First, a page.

Rival union contemplates legal challenge
[Updated: 4 p.m.] CALIFORNIA — Kaiser Permanente employees throughout the state voted to remain with the Service Employees International Union–United Healthcare Workers West instead of joining its rival offshoot, the National Union of Healthcare Workers, according to the National Labor Relations Board.
NUHW is considering a legal challenge to the election.
In voting from Sept. 13 through Oct. 4, a total of 18,290 votes were cast for SEIU, compared to 11,364 for NUHW, and 365 voted for no union at all.
A total of 1,222 ballots were voided, and 276 were challenged.
About 43,000 Kaiser employees took part in the vote, considered the largest since 1941, when the United Auto Workers organized at Ford Motor Co.
In Santa Rosa, approximately 1,250 employees were included; San Rafael, about 800; Napa, about 120; Fairfield, about 113; Vacaville, about 550; and about 1,900 in Vallejo.
With the win, SIEU is poised to retain $40 million in annual dues collected as well as its clout as the largest health care union on the West Coast.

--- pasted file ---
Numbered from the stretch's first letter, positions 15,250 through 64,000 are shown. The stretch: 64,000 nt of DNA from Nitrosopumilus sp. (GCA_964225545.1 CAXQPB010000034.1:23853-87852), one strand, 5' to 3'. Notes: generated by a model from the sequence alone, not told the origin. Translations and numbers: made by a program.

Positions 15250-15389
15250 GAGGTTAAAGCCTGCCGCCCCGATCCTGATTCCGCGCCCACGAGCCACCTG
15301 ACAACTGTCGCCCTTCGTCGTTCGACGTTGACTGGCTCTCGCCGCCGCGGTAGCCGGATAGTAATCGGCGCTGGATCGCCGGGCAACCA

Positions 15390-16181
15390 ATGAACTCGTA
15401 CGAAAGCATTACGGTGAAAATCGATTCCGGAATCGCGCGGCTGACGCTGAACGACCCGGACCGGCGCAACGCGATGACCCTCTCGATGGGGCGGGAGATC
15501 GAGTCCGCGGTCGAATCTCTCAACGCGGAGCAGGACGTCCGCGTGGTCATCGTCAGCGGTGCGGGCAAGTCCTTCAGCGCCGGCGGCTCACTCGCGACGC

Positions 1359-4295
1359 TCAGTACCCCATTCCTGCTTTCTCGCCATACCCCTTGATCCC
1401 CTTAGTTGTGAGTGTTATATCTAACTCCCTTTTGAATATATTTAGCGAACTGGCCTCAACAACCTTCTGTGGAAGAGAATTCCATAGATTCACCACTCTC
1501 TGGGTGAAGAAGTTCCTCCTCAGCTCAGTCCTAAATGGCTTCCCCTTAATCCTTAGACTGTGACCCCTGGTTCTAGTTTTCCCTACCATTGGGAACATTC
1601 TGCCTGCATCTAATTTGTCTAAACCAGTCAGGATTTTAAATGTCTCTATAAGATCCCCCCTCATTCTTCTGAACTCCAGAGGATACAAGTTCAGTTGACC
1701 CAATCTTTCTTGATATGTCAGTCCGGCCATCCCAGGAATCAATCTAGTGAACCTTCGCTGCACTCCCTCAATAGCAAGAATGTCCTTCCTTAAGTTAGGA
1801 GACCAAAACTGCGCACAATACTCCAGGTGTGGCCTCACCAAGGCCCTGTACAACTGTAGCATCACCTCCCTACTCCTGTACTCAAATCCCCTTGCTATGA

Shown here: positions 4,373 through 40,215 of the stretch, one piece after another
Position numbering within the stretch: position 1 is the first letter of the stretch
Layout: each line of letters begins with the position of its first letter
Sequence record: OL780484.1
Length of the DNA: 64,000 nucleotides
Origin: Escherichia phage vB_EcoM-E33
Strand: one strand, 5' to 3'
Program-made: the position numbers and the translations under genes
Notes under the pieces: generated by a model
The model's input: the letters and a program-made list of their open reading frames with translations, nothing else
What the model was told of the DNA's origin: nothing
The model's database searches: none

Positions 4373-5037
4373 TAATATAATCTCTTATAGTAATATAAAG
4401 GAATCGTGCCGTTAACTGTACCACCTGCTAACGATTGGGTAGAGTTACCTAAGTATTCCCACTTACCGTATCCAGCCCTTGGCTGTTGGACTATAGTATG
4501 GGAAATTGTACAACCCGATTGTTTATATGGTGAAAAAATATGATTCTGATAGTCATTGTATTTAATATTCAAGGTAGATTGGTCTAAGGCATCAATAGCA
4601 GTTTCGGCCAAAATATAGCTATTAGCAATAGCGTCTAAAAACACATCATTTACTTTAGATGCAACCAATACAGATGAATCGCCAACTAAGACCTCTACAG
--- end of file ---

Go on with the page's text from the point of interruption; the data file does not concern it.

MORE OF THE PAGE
But NUHW questioned the validity of election results and likely will file a challenge, according to a union spokeswoman.
The “outcome was not the overwhelming majority for NUHW caregivers could have won last year,” the union said in a statement. Nineteen months ago, a majority of Kaiser workers had petitioned for a vote between the two unions.
NUHW alleges that SEIU “employed legal obstruction tactics” leading up to the election, but NUHW’s appeal appears to be centered on its claim of collusion between Kaiser and SEIU.
An August federal lawsuit filed in San Francisco against Kaiser alleges the health care organization paid SEIU and its representatives and employees to “campaign against, vilify and denigrate” NUHW before the labor relations board held the election.
SEIU, the nation’s largest union with 2.2 million members, called on NUHW to “respect workers’ democratic decision and not file frivolous objections to the election.”
NUHW has seven days from today to file objections but has not done so yet, a spokeswoman with the labor relations board said.
The fate of NUHW may hang in the balance, labor experts have said. With approximately 5,000 members throughout the state, the Kaiser elections would have been a significant boon to the new union or a severe blow to SEIU’s health care presence in California.
NUHW formed in 2009 by former SEIU officials who were ousted under allegations of misuse of funds.
According to SEIU, NUHW’s loss will have a “major influence” on any future elections and will “undermine” NUHW’s appeal to other health care workers.
Kaiser said in a statement it believed the election was fair, the results were valid and Kaiser favored neither union.
“We will abide by the results of the election when the NLRB certifies the results,” spokesman John Nelson said. “From the beginning of the disputes between SEIU-UHW and NUHW, we have been neutral and continue to be neutral.”
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